NSW flooding and Jerrara Dam
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By looking at rainfall amounts occurred during 25-26 August and comparing the amount with the standard design rainfalls for nearby areas, the rainfall event that occurred is not a huge one. Basically, it is an event of less than five years ARI (Average Recurrence Interval), i.e. probability of occurrence of this sort of rains is less than one in five years. Usually, a dam should be designed to handle a flood/rain of magnitude more than 100 years ARI event. It is surprising that still this dam is overtopping with this rain event. We should look at original design criteria for this dam, also the contributed catchment area considered during the design phase and amount of urbanisation that occurred in the catchment area during the period since the dam was built. In general, a dam should not overtop for a rainfall event of one in five years magnitude. From State Emergency Services records, it looks like this dam is getting flooded and residents are receiving frequent warning messages every now and then. It needs thorough investigation.
Dr Jamie Pittock is Associate Professor at the Fenner School of Environment and Society. He is a UNESCO Chair in Water Economics and Transboundary Water Governance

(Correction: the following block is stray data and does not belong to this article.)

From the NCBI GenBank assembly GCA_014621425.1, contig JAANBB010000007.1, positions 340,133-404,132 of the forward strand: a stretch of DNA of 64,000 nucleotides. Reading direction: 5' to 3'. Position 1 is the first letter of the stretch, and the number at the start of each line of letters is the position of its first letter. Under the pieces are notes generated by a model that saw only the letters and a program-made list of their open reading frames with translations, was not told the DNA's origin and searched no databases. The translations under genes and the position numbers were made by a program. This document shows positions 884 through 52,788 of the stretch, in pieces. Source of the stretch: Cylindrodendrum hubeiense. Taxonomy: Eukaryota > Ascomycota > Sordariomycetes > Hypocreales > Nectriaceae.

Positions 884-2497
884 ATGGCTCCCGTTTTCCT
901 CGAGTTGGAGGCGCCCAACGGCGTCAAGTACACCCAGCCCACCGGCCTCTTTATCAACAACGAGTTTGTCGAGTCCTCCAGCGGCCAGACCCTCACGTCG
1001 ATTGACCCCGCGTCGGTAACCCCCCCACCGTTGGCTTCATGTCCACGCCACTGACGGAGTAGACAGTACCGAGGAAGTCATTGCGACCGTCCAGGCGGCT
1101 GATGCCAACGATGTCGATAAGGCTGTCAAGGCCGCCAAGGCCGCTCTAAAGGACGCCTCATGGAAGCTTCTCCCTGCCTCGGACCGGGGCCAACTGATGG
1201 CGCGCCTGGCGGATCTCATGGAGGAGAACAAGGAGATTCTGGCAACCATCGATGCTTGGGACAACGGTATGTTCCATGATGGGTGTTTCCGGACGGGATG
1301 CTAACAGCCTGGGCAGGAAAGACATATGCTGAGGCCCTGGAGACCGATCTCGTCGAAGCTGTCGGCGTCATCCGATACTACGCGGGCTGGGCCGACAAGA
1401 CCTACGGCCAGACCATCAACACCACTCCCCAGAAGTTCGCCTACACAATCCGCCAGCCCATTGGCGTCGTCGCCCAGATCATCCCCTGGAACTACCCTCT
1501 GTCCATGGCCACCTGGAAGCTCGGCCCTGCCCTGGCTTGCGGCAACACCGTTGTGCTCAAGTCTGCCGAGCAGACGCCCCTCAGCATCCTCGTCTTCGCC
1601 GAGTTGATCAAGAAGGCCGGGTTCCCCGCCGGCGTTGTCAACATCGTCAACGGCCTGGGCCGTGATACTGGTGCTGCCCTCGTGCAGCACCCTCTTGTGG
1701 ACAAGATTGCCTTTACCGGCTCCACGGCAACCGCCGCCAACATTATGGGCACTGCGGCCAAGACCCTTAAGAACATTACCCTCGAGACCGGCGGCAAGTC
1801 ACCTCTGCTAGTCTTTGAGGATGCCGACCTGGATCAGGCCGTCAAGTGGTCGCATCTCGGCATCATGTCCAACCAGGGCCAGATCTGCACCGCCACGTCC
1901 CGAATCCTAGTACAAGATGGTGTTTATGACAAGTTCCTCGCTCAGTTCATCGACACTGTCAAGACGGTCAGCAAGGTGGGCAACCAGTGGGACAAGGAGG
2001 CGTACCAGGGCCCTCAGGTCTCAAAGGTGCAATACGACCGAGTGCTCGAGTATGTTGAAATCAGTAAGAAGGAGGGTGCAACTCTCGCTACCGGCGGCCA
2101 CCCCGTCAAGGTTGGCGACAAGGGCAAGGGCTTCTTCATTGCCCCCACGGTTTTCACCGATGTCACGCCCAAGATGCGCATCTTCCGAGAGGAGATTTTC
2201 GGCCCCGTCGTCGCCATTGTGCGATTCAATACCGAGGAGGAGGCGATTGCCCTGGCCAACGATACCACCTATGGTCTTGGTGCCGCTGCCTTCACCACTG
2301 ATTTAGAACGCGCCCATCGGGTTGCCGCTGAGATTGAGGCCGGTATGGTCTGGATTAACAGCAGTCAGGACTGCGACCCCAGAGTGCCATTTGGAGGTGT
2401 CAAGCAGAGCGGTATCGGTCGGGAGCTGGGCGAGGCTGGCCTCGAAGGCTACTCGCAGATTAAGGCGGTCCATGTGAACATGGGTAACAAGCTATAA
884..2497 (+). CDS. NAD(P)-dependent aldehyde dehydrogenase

The potential failure of the Jerrara Dam actually highlights a rare example of good management of smaller dams in Australia. While the structural safety of Australia’s large dams are rigorously regulated by state government agencies, smaller structures are not.
There are thousands of small dams scattered around the landscape that are decades old. Hundreds of these were built with environmentally damaging designs, are no longer used and are often abandoned or poorly maintained and unsafe. For instance, there are a great many weirs in NSW that were built to supply water to steam trains that no longer grace our few remaining train lines. These dams inflict great ecological damage, for example, by blocking the migration of indigenous fish.
In the United States, private owners of small hydropower dams are subject to periodic re-licensing, where the owners must publicly demonstrate every 50 to 30 years that their structures are safe, economically valuable, and that environmental and social impacts are minimised.
We need similar periodic relicensing in Australia so as to better manage unsafe, poorly performing and redundant small dams. The Jerrara Dam is a rare and positive example in Australia of an unsafe dam being removed. While the timing of this flood is unfortunate, this sort of pro-active decommissioning should be a regular event in Australia.
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